BISD school board approves $64.8 million budget for 23-24

The Bainbridge Island School District school board approved its roughly $64.8 million budget for the 2023-24 school year Aug. 31, indicating a slight decline in student enrollment.

The district’s total enrollment estimate for the school year is 3,484 full-time students, 21 fewer FTE students than the 2022-23 actual enrollment of 3,505 FTE, which includes Alternative Learning and Running Start enrollment.

Kelly Pearson, BISD Director of Business and Finance, reviewed the budget with the board members and highlighted staffing, expenses, and enrollment expectations.

BISD Budget revenues come from 77% state dollars, 22% local levies that voters support, and 2% from the federal government.

The 2023-24 budget reflects an increase in general fund expenditures for students who receive specialized care, for increased cost of purchased services, and increased cost of supplies – food, custodial services, and maintenance.

Salaries and benefits comprise 87% of the budget; purchases services are 9%, while supplies and materials are 4%.

The state funds $4.8 million for basic education materials, supplies, and operating costs; the district spends about $7.2 million on those expenses.

The district will lose $700,000 in federal COVID-related funds and about $500,000 due to a 49 FTE student decrease.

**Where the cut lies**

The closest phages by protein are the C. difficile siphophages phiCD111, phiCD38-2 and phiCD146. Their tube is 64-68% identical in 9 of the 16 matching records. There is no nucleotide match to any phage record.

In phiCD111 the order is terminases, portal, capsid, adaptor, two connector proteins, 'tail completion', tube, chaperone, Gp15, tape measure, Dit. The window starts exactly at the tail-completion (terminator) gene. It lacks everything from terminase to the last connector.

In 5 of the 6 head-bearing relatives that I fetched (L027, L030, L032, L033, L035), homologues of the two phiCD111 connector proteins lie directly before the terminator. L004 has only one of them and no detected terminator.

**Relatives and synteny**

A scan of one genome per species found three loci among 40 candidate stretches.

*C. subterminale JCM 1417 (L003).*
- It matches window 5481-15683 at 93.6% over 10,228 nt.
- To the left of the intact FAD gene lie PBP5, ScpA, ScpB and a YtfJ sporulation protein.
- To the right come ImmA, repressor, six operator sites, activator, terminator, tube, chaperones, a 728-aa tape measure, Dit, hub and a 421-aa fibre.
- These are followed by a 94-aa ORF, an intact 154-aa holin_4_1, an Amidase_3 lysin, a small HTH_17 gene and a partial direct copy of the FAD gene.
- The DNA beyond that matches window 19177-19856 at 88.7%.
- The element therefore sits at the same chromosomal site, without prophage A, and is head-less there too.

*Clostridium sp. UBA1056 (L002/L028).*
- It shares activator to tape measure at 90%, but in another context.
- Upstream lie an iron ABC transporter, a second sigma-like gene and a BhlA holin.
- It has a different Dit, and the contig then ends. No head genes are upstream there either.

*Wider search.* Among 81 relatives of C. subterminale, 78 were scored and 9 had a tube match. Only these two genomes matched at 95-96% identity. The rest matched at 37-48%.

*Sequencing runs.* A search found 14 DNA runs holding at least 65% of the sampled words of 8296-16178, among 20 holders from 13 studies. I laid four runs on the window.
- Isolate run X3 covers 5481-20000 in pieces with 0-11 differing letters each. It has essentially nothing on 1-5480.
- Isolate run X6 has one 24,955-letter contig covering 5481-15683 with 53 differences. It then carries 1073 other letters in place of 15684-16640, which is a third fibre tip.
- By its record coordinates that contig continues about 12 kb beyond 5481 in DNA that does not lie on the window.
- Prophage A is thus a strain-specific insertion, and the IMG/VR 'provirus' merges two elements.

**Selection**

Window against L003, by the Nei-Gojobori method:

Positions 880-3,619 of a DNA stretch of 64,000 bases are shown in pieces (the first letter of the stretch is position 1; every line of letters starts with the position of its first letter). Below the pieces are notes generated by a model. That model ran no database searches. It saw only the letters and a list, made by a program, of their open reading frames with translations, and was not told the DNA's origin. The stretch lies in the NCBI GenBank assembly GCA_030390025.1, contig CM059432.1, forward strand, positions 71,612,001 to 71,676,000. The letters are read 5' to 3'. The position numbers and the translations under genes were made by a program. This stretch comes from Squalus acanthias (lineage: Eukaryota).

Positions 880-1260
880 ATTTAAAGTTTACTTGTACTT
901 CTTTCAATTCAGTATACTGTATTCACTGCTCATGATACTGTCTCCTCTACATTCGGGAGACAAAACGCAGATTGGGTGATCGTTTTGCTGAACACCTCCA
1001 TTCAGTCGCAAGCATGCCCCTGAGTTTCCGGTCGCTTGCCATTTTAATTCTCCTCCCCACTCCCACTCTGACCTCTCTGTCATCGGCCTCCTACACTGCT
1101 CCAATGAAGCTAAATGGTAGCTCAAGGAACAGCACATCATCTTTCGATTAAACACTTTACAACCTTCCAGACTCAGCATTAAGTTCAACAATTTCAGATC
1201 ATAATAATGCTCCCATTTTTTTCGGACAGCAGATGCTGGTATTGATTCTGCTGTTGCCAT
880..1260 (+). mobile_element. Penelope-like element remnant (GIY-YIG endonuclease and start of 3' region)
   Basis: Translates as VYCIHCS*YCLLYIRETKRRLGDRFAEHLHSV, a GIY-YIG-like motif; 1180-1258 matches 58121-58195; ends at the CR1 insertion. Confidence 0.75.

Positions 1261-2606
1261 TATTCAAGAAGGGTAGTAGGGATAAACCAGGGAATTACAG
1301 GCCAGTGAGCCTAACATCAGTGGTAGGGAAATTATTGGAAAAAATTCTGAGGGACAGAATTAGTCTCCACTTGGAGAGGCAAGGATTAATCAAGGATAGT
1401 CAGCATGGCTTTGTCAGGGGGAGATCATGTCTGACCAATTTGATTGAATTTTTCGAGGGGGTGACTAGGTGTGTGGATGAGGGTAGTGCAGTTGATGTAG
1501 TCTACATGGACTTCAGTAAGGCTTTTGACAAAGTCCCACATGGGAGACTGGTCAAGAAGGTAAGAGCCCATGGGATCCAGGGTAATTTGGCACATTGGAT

Staffing adjustments remained relatively flat, with a decrease of 4.36 full-time employees in certificated staff and a slight increase of 5.85 FTE in classified staffing.

Pearson said salaries and benefits for certificated and classified salaries both went up. “You can see, from year to year, that’s largely driven by our effort to recruit and retain high-quality staff. It’s an effort to staff and spend up our district improvement plan and the multi-tier systems of support. It reflects staffing to enrollment.”

This year, the district is expecting a levy revenue increase of $250,000 and a special education increase of $1.2 million,

The special education funding increased because the formula has changed, giving some funding for birth to Pre-K students. “They are honoring the fact that some students require more resources and more money to support them, and they have a tiered level of support for those children,” Pearson said.

Some teachers “who have been around for a long time, have a lot of experience and a lot of skills” will receive an additional 4% increase. “In the Bainbridge Island School district, we have quite a few,” said Pearson.

Student enrollment is always a concern because the district receives $10,000 per student.

“If enrollment declines, then we need to also decline in expenses,” said Pearson.

Pearson highlighted the importance of this year’s 2023-24 kindergarten cohort. “We’re only projecting 217 incoming kindergartners,” said Pearson, “and what we’re seeing is those smaller cohorts over time are going to continue all the way through to twelfth grade.”

Overall, Pearson said, “The district is in pretty good health” and is grateful for funding from the state that recognizes BISD’s experienced and tenured teaching team. “As we build our budget, we’re conscientious about the resources we have, and try to come up with the highest and best use.”